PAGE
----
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Running for Weight Loss


I used to be a 30-mile a week jogger.  I've since gained 60 lbs. (from 140 to 200).  I am currently walking about 3 miles 3-5 times weekly, but it just doesn't burn the calories like jogging.  I would like to start jogging again, but am worried about the extra weight strain on my joints.  Is it safe to jog with this much baggage?


That's a very good question, as many people believe that unless they are jogging they are not getting a good workout.  Having been a runner throughout my teens and twenties, I understand that the "runner's high" is psychologically hard to match.  However, it is possible to achieve a good cardiorespiratory workout and burn sufficient calories while utilizing a low impact mode of exercise.  In fact, you can even achieve that endorphin rush associated with the runner's high while walking!

At this point in time, I would encourage you to continue to pursue lower impact modes of exercise.  Running is definitely a high impact mode of exercise and it is estimated that the impact stress to the lower extremities during running is two to three times that of the runner's body weight.  Stress fractures and overuse injuries are frequent among runners, even for those within ideal body weights.  There is no reason to increase your risk for injury, which would subsequently hinder your weight loss plan should an injury occur.  However, keep faith that running can definitely be in your future.  In the meantime, let's look at ways in which you can safely increase the calories utilized during your exercise regimen.

First and foremost, check with your health care provider to ensure that you have a green light to increase the duration and intensity of your exercise regimen.  Upon receiving that okay, assess your target heart rate zone.  If you're not already walking at 60 - 75% of your heart rate max (220 - age), slowly work up to this range.  Working with a certified personal trainer will provide you with individual guidelines tailored to your specific needs.  However, the following sample program will give you an idea of how to do this from your described current status.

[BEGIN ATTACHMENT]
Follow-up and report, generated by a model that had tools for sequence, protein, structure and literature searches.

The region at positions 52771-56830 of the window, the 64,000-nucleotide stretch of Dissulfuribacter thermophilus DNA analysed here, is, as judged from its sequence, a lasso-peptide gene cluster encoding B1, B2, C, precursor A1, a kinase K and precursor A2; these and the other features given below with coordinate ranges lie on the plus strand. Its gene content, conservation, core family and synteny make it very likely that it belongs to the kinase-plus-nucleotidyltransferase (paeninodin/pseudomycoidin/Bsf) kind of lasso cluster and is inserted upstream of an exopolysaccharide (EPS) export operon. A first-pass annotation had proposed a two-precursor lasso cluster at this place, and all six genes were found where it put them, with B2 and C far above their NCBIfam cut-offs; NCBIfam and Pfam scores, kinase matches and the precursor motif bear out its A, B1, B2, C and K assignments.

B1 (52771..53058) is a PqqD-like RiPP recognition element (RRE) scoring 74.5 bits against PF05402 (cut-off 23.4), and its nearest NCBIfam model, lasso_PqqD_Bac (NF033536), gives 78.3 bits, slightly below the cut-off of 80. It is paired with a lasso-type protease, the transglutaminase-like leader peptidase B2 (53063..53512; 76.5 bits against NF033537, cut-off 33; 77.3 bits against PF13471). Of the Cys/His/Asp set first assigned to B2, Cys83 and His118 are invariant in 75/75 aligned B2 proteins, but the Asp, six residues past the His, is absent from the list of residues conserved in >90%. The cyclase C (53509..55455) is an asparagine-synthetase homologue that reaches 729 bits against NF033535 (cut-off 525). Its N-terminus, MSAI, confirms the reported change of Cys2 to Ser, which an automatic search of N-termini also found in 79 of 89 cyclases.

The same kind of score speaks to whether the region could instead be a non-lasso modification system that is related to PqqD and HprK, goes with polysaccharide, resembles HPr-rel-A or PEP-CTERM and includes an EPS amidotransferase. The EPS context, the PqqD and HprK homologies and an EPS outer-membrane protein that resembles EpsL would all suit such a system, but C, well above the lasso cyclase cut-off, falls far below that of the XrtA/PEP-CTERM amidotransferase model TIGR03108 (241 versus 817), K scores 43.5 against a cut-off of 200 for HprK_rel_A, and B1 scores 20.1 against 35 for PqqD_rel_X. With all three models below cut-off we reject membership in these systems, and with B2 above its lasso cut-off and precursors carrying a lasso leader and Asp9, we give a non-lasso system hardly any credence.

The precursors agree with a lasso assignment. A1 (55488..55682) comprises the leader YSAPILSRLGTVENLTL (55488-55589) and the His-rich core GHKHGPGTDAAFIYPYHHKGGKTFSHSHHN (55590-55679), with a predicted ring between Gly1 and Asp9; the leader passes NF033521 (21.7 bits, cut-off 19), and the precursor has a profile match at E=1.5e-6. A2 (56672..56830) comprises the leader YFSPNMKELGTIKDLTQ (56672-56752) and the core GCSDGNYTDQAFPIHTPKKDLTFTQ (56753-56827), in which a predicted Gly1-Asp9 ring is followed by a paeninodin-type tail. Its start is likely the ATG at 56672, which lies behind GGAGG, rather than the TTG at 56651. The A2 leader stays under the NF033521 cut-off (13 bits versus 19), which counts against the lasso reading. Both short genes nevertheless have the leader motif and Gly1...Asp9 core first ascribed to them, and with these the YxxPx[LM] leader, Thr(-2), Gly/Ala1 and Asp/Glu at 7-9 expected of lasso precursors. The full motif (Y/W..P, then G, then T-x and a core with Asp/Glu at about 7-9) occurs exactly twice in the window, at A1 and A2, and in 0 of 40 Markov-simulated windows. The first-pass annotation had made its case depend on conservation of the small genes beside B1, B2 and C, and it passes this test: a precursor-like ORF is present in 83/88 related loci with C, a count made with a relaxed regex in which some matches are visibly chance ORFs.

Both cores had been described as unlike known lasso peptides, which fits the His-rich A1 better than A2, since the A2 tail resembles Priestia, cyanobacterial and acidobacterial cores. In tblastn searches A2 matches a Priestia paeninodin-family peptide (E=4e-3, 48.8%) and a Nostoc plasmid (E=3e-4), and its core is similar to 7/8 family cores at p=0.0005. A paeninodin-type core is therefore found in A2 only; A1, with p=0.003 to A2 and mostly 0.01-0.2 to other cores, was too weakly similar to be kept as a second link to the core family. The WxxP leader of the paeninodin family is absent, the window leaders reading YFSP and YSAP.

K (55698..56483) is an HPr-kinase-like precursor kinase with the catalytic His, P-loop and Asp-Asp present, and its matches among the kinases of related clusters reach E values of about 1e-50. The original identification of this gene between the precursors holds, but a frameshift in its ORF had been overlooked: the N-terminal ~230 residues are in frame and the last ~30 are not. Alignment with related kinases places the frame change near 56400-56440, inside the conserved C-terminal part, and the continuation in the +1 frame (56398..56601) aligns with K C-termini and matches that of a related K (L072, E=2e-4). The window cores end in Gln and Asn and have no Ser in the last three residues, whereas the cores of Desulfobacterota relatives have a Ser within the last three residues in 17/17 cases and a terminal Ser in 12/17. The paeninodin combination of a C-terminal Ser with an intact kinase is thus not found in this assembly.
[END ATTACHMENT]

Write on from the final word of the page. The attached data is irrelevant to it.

Progression chart for individual currently walking 3 miles, 3-5 times per week

Week Frequency Miles Goal Time Pace Comments
1-2 5 3.0 60 min 3.0 mph Attempt a frequency of 5 times / wk
3-4 5 3.0 57 min 3.2 mph Quicken your pace by ~1 min / mile / wk
5-6 5 3.0 54 min 3.3 mph  
7 5 3.0 51 min 3.5 mph  
8 5 3.5 60 min 3.5 mph Increase distance by ½ mile / week
9 4 3.5 55 min 3.8 mph  
10 4 3.5 53 min 4.0 mph  
11-12 4-5 4.0 60 min 4.0 mph  

Once you can walk 4 miles at a 15-minute pace on most days of the week, you can start integrating higher intensity intervals, hills and inclines to increase the caloric expenditure of your workout.  Once you are within reach of your goal weight, you can also start integrating jogging intervals.  The key to progressing your exercise program is to vary frequency, intensity and distance independently of one another (i.e., don't increase more than one variable per week).

Have confidence that walking faster, especially up inclines, can burn as many or more calories as slow jogging.  The following table illustrates this for you:

Speed Incline Kcals Speed Incline Kcals
3.0 0 230.89 4.5 0 391.76
3.5 0 257.71 5.0 0 445.38
4.0 0 284.52 5.5 0 499.00
3.0 6 404.63 6.0 0 391.76
3.5 6 460.40 6.5 0 445.38
4.0 6 516.16 7.0 0 499.00
Note: For a 45 min workout and nutrient mix yielding 8.9 Kcals/L VO2, for a 200 lb (90.74 kg) person.  Speed is in mph and incline is % grade.

Note that increasing your walking pace to 4 mph at a 6% grade will actually burn more calories during a 45 minute workout than jogging at 7.0 mph!  The take home message is clear: there is nothing magical about jogging, caloric expenditure and weight loss.

Make sure that you purchase a good pair of walking/running shoes that will provide you with motion control and stability, and shock absorption cushioning.  In addition, always remember to include a short warm-up and cool-down period in your exercise sessions.

Finally, an excellent option for those carrying extra body weight but who still want to pursue running is deep water or aqua running.  This can be accomplished by either running in a water depth in which your feet still strike the bottom of the pool, or by running in deeper water while wearing a floatation belt.  Runners who are rehabilitating an injury frequently use aqua running to maintain their fitness level.  Water running greatly reduces the impact stress of running while providing an excellent cardiorespiratory workout.  Check with your local YMCA or fitness center for more guidance on integrating water running into your exercise regimen.

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Our expert, Dr. Sharon E. Griffin, holds a B.S., M.S., and Ph.D. in the areas of exercise science/physiology.  She also holds a second M.S. degree in Nutrition and is a licensed nutritionist and an ACSM certified health and fitness instructor.
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